Ron Taverner has requested that his name be withdrawn from consideration for commissioner of the Ontario Provincial Police.
“This decision is not an easy one for me to make,” Taverner wrote in a letter to Community Safety Minister Sylvia Jones. “I believe the OPP requires new leadership and a change in culture at its most senior levels.”
Taverner was controversially named by Ontario’s Progressive Conservative government to become the next chief of the OPP in late November.
Taverner later requested that the appointment be delayed, and the government said it would “respect” the request while the province’s integrity commissioner reviews the circumstances of his selection.
Taverner, a longtime family friend of Premier Doug Ford, did not meet the original requirements for the job posting. The government said it lowered the job qualifications to attract a wider field of candidates. He was later approved as the next OPP commissioner by the Ontario cabinet.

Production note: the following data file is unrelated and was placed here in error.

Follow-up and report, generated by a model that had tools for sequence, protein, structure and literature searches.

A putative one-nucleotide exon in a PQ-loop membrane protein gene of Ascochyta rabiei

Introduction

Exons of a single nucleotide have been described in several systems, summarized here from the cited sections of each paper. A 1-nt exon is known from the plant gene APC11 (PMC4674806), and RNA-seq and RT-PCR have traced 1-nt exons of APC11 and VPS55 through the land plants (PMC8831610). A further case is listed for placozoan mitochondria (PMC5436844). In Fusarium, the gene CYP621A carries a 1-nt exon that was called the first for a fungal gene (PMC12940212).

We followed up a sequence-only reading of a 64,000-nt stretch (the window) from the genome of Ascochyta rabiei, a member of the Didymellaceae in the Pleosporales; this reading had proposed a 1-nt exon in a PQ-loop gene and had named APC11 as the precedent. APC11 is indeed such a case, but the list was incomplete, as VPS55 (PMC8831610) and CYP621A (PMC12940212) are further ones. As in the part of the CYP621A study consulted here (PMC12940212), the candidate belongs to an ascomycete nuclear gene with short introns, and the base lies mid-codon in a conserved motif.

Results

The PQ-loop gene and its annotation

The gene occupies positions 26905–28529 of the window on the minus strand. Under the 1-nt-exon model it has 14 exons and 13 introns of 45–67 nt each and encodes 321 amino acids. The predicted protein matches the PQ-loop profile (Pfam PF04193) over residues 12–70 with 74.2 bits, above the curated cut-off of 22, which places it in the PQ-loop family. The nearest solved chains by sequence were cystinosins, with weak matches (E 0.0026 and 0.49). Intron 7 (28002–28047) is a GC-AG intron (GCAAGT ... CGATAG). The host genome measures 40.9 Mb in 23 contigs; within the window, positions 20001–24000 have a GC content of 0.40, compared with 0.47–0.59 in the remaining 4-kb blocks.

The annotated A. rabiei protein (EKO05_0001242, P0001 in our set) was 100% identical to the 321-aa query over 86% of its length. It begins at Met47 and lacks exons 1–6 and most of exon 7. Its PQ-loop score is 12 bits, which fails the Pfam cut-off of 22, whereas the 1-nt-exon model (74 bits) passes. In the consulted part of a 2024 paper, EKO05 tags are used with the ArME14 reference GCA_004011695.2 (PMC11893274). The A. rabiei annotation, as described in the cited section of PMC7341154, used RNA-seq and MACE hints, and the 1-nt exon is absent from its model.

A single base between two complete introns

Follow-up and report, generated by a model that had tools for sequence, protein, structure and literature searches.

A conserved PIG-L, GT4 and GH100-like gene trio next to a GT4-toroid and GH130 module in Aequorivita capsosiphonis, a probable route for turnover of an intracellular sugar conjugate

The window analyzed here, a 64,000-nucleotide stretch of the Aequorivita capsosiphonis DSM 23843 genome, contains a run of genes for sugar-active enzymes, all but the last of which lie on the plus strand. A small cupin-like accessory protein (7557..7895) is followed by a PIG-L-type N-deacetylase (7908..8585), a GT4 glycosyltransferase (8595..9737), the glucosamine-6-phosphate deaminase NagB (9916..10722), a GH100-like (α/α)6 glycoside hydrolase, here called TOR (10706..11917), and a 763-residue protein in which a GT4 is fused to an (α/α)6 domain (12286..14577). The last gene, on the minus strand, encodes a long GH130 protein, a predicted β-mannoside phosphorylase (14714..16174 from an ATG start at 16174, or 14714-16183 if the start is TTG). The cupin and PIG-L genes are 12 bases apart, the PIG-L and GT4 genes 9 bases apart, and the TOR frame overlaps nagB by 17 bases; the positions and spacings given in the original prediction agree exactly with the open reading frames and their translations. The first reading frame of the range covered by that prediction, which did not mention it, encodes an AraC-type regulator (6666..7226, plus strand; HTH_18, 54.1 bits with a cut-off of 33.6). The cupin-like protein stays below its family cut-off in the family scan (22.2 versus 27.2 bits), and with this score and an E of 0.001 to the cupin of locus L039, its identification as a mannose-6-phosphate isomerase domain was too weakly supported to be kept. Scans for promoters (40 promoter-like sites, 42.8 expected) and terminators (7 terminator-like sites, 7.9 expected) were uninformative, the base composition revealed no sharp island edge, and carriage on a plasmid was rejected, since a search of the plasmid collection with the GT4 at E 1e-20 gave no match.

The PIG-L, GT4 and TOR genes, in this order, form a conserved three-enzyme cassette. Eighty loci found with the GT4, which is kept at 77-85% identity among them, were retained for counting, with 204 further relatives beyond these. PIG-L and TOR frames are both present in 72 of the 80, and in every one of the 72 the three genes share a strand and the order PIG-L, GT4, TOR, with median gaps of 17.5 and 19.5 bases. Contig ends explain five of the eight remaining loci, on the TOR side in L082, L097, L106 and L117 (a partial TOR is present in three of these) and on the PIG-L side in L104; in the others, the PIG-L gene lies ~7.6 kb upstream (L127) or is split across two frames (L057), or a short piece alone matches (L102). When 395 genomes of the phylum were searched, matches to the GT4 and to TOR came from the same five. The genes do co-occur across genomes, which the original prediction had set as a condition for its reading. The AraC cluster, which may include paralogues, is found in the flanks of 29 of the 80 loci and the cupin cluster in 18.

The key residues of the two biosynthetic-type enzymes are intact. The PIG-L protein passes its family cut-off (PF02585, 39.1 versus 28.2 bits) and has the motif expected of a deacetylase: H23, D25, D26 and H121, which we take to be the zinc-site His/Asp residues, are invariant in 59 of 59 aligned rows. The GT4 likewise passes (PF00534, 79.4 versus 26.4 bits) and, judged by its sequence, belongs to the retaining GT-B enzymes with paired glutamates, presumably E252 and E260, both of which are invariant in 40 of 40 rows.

Ford has repeatedly denied any involvement in Taverner’s appointment, and said the decision was made by a hiring panel.
Taverner — a 51-year veteran of Toronto police who leads the force’s Etobicoke divisions — said he decided to withdraw to protect the integrity of rank-and-file police officers, given the controversy surrounding his appointment.
Taverner’s decision comes two days after the dismissal of OPP deputy commissioner Brad Blair.
Blair was dismissed Monday for allegedly revealing confidential OPP information, which the Ford government has called a breach of his oath as an officer.